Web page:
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Old 2011-04-09, 03:01   Link #1876
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And did I not say just prior to that statement that any answer you get will probably not be satisfactory and full of pseudo science? I honestly don't know what he did with the Seed, or what he'll use it for, and neither do you. Both of us are speculating.
I don't necessarily see anything wrong with pseudo-science, or understand why any explanation involving it must be unsatisfactory. For a story to provide a pseudo-scientific attempt is probably better than to have no attempt at all.

Quote:
You're trying to apply real life human understanding to a show that uses aliens and magic as a basis for the story. "A wizard did it", is as good an answer as any.
Not really. The explanations you and others are providing actually seem like much more involved and complicated stretches of 'real life human understanding' from my perspective. My explanation for the Grief Seed issue is very simple: they contain (emotional) energy. We know that Kyuubey wants that, so (maybe?) that's why he's collecting them.

Quote:
He told you exactly what he desires in episode 9. He wants Magical Girls to turn into Witches, and specifically he wants the energy that occurs when they are at the height of emotion: the transformation into a Witch.

Could there also be some function for the Grief Seeds? Sure. But that isn't his primary goal.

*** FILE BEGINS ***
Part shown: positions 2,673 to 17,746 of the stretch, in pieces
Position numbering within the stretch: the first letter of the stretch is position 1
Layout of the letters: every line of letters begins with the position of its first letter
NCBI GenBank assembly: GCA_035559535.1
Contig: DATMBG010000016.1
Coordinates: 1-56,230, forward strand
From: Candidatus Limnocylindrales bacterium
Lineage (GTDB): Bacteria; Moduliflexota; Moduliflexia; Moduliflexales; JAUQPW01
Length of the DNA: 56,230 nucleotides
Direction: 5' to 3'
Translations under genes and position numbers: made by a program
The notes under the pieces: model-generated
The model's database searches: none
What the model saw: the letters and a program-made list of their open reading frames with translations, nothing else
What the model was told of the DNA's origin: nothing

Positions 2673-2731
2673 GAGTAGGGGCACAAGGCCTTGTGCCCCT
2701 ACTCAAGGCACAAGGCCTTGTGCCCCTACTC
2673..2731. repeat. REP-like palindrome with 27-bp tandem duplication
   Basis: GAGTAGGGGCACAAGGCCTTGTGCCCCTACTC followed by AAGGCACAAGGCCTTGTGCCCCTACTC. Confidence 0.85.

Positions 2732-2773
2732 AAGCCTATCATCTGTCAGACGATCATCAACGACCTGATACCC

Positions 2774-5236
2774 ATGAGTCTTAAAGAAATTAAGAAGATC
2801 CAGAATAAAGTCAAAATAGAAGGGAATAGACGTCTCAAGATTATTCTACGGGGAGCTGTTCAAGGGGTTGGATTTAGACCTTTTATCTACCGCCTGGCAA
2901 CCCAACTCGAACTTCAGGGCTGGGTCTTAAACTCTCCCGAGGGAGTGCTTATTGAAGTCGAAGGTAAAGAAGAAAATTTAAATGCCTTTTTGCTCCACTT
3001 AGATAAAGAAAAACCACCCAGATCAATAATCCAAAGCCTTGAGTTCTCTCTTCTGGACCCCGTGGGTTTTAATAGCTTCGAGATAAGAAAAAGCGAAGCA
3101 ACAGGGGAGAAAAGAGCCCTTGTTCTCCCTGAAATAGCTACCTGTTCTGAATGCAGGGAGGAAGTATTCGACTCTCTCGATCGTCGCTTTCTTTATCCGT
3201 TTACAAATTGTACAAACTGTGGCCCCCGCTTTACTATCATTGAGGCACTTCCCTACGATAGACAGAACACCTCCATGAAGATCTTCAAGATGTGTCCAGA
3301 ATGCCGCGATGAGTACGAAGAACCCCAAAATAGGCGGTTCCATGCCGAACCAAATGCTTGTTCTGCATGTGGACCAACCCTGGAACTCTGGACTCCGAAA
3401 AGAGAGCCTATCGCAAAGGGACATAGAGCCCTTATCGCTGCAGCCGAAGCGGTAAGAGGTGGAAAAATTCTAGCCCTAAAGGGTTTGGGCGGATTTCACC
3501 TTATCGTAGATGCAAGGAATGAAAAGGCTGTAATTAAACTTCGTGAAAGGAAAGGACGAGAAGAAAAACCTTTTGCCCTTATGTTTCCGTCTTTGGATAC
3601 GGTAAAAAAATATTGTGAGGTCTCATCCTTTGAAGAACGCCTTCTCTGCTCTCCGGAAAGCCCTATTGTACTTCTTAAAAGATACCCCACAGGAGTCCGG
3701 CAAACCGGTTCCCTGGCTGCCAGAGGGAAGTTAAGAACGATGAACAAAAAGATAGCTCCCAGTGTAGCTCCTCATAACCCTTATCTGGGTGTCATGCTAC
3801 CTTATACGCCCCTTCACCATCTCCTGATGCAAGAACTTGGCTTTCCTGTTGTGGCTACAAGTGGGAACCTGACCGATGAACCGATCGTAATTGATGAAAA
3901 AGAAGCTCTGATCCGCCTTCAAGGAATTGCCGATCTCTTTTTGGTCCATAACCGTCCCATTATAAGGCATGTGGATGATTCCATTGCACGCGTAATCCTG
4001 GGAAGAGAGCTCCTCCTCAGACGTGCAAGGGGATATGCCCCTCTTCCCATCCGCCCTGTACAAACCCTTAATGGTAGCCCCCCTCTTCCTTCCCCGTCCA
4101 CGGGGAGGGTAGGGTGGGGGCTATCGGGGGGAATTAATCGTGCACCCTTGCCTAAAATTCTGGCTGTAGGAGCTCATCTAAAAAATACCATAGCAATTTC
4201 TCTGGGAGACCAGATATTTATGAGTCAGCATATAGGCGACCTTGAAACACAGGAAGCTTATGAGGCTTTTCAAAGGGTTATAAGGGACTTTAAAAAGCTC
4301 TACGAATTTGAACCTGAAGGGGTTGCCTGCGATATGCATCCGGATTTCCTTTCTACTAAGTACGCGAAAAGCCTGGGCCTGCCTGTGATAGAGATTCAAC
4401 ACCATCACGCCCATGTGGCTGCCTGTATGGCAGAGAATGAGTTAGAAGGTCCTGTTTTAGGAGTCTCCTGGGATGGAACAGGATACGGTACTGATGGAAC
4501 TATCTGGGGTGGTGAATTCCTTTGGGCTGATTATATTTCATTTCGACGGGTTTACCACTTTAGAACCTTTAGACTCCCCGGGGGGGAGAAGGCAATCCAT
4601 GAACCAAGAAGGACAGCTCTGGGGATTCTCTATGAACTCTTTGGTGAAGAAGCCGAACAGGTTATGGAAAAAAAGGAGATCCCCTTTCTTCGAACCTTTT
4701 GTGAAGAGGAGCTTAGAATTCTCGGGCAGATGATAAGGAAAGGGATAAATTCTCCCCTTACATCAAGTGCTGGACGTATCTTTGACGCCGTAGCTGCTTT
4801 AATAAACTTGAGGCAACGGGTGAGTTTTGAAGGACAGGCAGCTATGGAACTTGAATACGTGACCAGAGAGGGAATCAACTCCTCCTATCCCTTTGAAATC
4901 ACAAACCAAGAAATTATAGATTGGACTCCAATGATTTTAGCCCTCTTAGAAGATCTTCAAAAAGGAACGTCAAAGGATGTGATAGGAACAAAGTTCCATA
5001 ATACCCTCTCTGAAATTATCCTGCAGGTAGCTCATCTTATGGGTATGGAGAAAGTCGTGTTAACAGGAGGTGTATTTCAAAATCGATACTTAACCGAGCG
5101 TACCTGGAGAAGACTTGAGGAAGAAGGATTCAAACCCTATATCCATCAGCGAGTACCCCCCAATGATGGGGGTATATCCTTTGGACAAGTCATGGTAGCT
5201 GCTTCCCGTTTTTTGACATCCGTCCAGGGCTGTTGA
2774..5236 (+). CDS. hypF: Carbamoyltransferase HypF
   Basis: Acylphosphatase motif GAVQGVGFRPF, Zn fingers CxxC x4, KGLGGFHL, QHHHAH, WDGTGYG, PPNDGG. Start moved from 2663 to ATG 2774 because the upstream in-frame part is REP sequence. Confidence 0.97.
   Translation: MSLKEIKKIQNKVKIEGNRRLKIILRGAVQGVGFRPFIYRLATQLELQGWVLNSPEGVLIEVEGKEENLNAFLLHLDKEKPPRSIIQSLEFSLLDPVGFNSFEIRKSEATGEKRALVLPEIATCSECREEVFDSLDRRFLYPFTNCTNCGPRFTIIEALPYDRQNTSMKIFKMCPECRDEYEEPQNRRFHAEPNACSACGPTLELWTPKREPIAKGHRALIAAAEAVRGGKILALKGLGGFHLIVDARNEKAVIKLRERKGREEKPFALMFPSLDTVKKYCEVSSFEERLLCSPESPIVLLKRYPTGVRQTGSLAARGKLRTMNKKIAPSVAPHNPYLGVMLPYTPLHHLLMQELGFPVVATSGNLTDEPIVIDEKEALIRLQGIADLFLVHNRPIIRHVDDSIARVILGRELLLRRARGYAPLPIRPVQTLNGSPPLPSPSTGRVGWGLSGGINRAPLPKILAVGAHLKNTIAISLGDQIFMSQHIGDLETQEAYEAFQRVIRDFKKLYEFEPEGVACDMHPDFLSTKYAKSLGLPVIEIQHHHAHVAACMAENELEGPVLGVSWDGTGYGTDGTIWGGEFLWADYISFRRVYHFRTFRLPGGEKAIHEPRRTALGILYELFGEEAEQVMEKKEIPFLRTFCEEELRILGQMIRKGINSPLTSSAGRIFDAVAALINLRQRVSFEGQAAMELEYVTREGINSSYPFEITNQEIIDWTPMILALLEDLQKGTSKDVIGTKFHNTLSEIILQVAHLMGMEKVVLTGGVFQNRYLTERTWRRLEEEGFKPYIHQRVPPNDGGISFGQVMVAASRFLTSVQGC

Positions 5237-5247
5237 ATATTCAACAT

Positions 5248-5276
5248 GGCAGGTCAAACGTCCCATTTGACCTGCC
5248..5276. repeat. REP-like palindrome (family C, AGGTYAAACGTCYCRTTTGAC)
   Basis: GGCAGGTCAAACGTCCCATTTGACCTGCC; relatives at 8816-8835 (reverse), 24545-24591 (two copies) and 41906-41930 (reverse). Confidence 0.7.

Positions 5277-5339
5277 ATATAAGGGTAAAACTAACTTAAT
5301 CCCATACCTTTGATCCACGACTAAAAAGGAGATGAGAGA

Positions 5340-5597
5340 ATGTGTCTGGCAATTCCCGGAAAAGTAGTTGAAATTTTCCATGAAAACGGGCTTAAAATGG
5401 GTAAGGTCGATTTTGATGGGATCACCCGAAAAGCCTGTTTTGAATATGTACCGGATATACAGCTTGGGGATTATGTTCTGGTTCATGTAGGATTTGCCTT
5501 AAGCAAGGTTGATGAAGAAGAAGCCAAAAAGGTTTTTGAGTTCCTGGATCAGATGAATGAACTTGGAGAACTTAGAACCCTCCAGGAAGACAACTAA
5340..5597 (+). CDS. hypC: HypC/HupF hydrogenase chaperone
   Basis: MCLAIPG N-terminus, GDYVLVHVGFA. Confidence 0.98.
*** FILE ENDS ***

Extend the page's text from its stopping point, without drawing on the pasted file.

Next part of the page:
As I've been telling you and Kazu-kun, unfortunately, there is no actual dialogue from Kyuubey which indicates what you are saying. Kyuubey does want energy, yes; but nowhere does he say he explicitly wants MGs to turn into witches. Energy is released during a MG -> witch transformation, true; but nowhere is it mentioned that it is that exact moment when Kyuubey collects that energy.

Here is an simple-to-understand suggestion for you and Kazu-kun: what if the energy from a MG to witch transformation is what transforms the Soul Gem into a Grief Seed? Would it not then be accurate to say that by collecting Grief Seeds, Kyuubey is collecting the energy from an MG to witch transformation?

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Originally Posted by Kazu-kun View Post
Now there are some interviews available where Gen reveals he didn't thought that much about some of his concepts. For example, he doesn't know for sure how Homura's time travel abilities work. Maybe a parallel world is created when the shield is activated, he said, but he doesn't really know.

He didn't say anything about the entropy crap specifically, but considering these comments, you can tell he most likely didn't think too much about how QB collects his energy, and so on.
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Originally Posted by Akashin View Post
I was actually referring to the lack of explanation for Homura's time travel and, more specifically, Kazu-kun's assertion that Urobuchi claimed not to fully understand its mechanics himself. Time travel doesn't need to be logical (in fact, trying to make it the least bit logical is likely to be a hopeless endeavor), but at least clarifying which time travel idea you're running with (ie. is Homura moving backwards along the same timeline or, like Kazu-kun said, is she creating parallel lines each time?) would be nice.